7. Hal Foster, “Dada Mime,” October 105 (Summer 2003): 170.
  8. Foster and the Pompidou exhibition undoubtedly received their images and captions from the Arp Foundation in Clamart, France, which despite the lack of an original photo and an absence of provenance, maintains that the photo is of Taeuber performing at the Cabaret Voltaire of 1916. Walburga Krupp, former archivist at the Hans and Sophie Taeuber-Arp Foundation in Rolandswerth, Germany which holds a collection of prints of the photo, is more comfortable with the connection to Galerie Dada in 1917; this is the only performance for which there is clear documentation of a formal dance by Taeuber in costume by Arp. Taeuber’s position as a teacher in Zurich, however, meant that she occasionally used a pseudonym or anonymity when she participated in Dada, so that it is impossible to know how many performances she may have done. The problem continues for Taeuber’s visual oeuvre as well; as she rarely signed her works, most of Taeuber’s titles and dates were assigned by Arp after her death in his 1948 catalogue raisonné. Krupp explains Arp’s method for grouping the works in her essay, “‘Try, Try . . . !’ Variations of a ‘True Artist,’” in Variations: Sophie Taeuber-Arp, Works on Paper, exh. cat. (Heidelberg: Kehrer Verlag, 2002), 8–25. For Tzara’s description of the Galerie Dada performance, see Annabelle Melzer, Dada and Surrealist Performance (Baltimore: Johns Hopkins University Press, 1994), 78. See also Ball, 102.
  9. Ball, 70.
  10. I found this version among the many prints of the photo held in the archive at Rolandswerth.
  11. Although the Cabaret Voltaire’s performance space was unquestionably make-shift, the width displayed in the photo between the two curtains seems impossibly small for the multiple actors known to have performed together. Marcel Janco’s now-lost painting of the Cabaret Voltaire, too, shows the stage as a proscenium large enough for an upright piano and no less than seven performers. A reproduction of the work is printed in Robert Motherwell, The Dada Painters and Poets (Cambridge, MA: Harvard Belknap, 1989), 50.
  12. I borrow the biological metaphor from Roland Barthes, “The Photographic Message,” in Image, Music, Text, ed. and trans. Stephen Heath (New York: Hill, 1977), 15–31, 25.
  13. Cabaret Voltaire: Eine Sammlung künstlerischer und literarischer Beiträge 1 (Zurich, 1916), as of May 3, 2012.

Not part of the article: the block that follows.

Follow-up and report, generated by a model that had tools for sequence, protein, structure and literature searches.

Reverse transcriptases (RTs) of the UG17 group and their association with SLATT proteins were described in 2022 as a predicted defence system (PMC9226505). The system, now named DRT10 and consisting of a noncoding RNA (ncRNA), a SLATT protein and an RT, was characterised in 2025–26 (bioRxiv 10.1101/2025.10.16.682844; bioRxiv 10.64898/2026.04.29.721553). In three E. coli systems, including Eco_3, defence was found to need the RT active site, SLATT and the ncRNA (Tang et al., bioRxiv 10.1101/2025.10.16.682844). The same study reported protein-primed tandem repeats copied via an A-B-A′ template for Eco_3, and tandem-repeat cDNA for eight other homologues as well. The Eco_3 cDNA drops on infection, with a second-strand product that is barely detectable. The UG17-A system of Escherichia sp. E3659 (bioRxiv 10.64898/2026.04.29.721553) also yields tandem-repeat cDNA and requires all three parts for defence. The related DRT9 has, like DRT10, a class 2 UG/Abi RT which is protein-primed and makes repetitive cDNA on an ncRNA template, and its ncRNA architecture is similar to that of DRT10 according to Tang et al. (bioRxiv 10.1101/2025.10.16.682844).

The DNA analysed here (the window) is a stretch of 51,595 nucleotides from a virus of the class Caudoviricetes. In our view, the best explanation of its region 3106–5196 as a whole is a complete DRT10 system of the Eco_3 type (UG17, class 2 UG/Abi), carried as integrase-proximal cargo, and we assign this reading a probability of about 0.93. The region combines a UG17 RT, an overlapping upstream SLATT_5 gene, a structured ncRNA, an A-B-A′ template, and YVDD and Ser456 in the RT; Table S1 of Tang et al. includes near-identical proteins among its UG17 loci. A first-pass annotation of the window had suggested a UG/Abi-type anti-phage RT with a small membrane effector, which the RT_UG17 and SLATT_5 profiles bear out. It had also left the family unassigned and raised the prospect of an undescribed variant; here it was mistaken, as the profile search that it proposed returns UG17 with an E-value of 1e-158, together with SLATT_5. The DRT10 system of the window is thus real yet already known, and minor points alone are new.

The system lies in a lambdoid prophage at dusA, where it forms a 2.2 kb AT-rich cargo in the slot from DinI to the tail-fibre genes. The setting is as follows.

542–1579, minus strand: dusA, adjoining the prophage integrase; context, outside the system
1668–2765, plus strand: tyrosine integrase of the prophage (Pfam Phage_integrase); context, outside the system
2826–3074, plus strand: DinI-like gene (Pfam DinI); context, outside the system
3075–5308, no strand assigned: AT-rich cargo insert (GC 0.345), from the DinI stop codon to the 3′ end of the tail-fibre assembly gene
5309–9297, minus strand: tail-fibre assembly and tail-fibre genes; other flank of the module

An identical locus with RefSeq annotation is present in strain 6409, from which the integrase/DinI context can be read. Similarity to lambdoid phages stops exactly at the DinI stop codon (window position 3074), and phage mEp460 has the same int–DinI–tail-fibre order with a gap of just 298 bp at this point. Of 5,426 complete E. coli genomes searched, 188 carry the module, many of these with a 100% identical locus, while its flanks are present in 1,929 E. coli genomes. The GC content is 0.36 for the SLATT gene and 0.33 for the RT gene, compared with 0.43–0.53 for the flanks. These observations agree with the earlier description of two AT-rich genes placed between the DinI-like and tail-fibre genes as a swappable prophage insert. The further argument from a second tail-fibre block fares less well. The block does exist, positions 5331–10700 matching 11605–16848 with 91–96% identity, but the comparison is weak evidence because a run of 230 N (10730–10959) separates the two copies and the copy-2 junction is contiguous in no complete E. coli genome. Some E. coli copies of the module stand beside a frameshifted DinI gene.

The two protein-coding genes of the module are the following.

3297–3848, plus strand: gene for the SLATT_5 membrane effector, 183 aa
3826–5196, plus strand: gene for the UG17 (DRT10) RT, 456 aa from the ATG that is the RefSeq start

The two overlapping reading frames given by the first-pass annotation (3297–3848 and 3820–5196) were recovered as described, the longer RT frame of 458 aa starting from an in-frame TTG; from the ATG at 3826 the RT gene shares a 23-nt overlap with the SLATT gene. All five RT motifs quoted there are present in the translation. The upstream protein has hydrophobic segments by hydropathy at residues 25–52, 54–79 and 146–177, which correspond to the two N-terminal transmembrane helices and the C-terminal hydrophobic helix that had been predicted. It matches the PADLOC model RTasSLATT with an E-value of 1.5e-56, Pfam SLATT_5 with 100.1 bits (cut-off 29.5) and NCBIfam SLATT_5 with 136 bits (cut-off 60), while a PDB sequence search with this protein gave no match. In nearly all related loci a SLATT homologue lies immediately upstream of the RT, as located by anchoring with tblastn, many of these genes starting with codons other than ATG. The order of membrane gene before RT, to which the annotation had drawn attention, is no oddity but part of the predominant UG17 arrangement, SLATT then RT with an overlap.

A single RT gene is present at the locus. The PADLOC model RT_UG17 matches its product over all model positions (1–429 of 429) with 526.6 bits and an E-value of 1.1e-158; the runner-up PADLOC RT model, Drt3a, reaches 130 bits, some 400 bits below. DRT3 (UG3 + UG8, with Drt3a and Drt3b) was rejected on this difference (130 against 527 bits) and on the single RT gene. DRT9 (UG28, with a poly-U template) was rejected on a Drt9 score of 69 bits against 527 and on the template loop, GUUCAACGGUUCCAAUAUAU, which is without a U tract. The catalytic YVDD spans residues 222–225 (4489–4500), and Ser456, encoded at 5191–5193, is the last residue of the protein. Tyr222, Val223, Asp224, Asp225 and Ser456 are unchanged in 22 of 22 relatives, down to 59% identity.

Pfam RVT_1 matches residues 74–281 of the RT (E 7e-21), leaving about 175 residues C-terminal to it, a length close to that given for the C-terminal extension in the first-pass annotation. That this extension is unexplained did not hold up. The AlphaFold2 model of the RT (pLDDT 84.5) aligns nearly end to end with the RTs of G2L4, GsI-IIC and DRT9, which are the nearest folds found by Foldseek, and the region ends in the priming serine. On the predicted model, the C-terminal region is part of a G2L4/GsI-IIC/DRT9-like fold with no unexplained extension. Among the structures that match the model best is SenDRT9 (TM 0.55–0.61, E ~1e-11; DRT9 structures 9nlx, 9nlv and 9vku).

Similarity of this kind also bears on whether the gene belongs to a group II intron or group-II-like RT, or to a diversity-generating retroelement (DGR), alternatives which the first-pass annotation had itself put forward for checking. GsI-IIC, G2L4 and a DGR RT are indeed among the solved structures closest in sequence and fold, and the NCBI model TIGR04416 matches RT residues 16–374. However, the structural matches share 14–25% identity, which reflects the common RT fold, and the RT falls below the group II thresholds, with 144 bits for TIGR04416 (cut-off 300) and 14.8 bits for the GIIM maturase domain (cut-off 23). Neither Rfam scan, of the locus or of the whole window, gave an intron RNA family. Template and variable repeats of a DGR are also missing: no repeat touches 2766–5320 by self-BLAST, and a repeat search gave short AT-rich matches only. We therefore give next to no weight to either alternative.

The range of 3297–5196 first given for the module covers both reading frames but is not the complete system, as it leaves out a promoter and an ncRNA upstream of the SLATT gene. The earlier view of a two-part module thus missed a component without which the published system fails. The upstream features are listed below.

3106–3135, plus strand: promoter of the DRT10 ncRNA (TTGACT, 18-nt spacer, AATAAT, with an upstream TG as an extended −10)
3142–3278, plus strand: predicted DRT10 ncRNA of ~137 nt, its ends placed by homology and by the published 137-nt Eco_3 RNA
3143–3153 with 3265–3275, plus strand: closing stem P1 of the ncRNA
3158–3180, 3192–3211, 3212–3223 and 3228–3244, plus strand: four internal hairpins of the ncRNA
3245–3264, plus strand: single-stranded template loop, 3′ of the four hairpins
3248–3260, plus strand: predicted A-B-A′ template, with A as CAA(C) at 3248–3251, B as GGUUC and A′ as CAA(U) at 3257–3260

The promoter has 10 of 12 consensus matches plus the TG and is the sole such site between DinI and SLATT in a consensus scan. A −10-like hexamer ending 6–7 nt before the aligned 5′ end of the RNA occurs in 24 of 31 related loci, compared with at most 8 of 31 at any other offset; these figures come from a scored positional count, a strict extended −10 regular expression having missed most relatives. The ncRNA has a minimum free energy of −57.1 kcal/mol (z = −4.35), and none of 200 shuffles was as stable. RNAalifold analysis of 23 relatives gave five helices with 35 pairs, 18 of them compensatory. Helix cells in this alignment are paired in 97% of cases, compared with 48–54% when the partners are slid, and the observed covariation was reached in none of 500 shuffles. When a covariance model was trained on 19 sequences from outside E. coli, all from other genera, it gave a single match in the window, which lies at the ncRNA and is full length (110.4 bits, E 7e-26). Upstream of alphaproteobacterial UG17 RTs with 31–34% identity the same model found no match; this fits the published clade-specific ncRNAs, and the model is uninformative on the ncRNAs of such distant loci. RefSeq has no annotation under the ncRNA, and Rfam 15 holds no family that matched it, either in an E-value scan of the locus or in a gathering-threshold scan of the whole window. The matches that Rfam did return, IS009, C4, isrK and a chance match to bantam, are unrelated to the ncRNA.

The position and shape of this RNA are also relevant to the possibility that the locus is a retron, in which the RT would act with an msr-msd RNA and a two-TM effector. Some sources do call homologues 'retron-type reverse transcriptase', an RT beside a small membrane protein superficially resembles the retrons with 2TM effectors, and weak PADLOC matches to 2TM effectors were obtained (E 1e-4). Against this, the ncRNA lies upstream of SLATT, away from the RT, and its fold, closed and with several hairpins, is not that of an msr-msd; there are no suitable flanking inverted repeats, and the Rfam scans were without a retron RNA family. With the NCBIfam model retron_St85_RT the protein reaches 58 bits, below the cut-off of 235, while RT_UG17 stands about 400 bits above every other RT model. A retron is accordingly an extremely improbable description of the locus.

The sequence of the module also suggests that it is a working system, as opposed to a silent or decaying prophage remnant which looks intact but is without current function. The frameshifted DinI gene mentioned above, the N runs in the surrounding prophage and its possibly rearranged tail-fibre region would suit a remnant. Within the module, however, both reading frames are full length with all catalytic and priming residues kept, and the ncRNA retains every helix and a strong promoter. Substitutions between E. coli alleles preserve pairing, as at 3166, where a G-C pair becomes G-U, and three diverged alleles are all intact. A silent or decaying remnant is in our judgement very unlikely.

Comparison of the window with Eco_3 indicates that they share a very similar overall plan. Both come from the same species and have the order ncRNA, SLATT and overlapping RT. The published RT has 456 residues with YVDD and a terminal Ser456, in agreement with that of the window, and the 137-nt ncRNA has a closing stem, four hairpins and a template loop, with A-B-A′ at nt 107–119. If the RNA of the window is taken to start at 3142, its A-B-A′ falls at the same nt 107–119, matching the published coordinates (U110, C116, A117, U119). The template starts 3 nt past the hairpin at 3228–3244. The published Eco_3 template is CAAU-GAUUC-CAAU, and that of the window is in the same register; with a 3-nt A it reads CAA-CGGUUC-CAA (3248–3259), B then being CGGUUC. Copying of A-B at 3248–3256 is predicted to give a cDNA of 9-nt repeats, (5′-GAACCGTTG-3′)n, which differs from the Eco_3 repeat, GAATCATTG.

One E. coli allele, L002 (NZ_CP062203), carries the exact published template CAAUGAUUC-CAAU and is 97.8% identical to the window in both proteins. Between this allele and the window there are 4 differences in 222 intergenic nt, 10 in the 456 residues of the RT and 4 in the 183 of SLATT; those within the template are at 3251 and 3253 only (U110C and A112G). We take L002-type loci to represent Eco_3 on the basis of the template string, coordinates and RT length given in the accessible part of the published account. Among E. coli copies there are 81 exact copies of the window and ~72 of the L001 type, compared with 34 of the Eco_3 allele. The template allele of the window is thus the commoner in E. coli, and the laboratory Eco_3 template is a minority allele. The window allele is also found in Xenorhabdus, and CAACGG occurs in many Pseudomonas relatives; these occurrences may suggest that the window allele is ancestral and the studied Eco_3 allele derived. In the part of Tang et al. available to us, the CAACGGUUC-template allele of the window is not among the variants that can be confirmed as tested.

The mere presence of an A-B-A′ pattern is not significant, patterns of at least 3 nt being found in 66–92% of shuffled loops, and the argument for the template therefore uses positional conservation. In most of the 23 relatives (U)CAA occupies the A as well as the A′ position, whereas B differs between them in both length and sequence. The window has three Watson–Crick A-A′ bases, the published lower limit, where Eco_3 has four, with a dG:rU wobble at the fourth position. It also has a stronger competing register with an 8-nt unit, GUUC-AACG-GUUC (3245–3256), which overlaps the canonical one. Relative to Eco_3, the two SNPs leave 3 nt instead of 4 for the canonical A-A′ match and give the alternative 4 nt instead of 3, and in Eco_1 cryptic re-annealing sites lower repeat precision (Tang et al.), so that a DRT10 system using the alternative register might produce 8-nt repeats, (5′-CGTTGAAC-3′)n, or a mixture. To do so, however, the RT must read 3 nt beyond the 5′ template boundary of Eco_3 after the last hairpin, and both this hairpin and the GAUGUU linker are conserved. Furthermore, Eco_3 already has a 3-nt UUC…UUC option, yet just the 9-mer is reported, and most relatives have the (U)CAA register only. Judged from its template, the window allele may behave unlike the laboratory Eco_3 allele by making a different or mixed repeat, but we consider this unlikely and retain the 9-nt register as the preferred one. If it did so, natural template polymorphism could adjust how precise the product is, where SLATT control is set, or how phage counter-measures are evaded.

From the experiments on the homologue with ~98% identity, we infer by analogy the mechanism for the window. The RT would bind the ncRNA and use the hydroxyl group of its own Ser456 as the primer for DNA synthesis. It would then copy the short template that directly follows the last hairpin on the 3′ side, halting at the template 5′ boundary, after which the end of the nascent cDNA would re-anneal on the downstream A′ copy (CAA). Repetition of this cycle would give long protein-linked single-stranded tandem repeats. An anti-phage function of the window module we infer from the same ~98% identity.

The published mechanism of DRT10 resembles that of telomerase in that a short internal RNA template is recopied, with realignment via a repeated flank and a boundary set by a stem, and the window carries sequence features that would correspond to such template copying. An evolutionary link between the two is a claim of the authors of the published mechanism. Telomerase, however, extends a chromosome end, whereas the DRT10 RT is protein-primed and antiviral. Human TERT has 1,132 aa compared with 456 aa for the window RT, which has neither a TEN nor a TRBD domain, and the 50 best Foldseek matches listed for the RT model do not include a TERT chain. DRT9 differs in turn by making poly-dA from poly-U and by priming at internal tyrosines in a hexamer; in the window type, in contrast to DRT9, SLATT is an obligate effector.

14. Ball, preface to Cabaret Voltaire, 5, trans. Christina Mills, in The Dada Reader, ed. Dawn Ades (Chicago: University of Chicago Press, 2006), 20.
  15. Tristan Tzara, “Manifeste Dada 1918,” Dada 3 (December 1918): 1, my translation.
  16. One such event involving Janco’s masks is recalled in Ball, Flight, 64.
  17. See Sally Banes and André Lepecki, “Introduction: The Performance of the Senses,” in The Senses in Performance, ed. Banes and Lepecki (New York: Routledge, 2007), 1.
  18. Curiously, however, I have found only one scholarly essay that not only addresses the difficulty of identifying the image but makes a case for the choice of caption, Jill Fell’s “The Masked Dada Dancer,” previously cited.
  19. Following one lineage, Laban and Wigman’s new dance marked a shift from opera ballet of the nineteenth century to modern or Expressionist dance in the 1920s. The shift most commonly involved a rejection of dance’s former dependence on literature and music. “Decorative qualities,” in this case, refers to dance’s subservience to musical accompaniment, narrative storylines, and a proscribed repertory and technique.
  20. For more on Laban’s movement theories, see John Hodgson and Valerie Preston-Dunlop, Rudolf Laban: An Introduction to His Work and Influence (Plymouth: Northcote House, 1990); Vera Maletic, Body, Space, Expression: The Development of Rudolf Laban’s Movement and Dance Concepts (New York: Mouton de Gruyter, 1987); and Rudolf Laban, A Life for Dance (London: MacDonald and Evans, 1975).
  21. Katherine Weinstein makes a more extended connection between the destructive work on language found in Dada poetry and the discordant stage presences of Taeuber and Emmy Hennings. See Weinstein, “Subversive Women: Female Performing Artists in Zurich Dada,” (PhD diss., Tufts University, 2001); and “Dada Dancer in Motion,” in Proceedings of the Society of Dance History Scholars (1999).
  22. An engrossing debate has been ongoing for some decades about the impulses behind and significance of artistic conservatism or rear-guard tendencies during and after WWI. See for instance the work of scholars such as Mark Antliff, Christopher Green, Romy Golan, Patricia Leighton, and Kenneth Silver on this period.
  23. Such a binary can be traced in part to Peter Bürger’s characterization of the historical avant-garde in Theory of the Avant-Garde, trans. Michael Shaw (1974; Minneapolis: University of Minnesota Press, 1984), and has been complicated by studies of the conservative tendencies of the wartime and post-WWI avant-gardes by Kenneth Silver, Christopher Green, David Cottington, and Romy Golan, among others.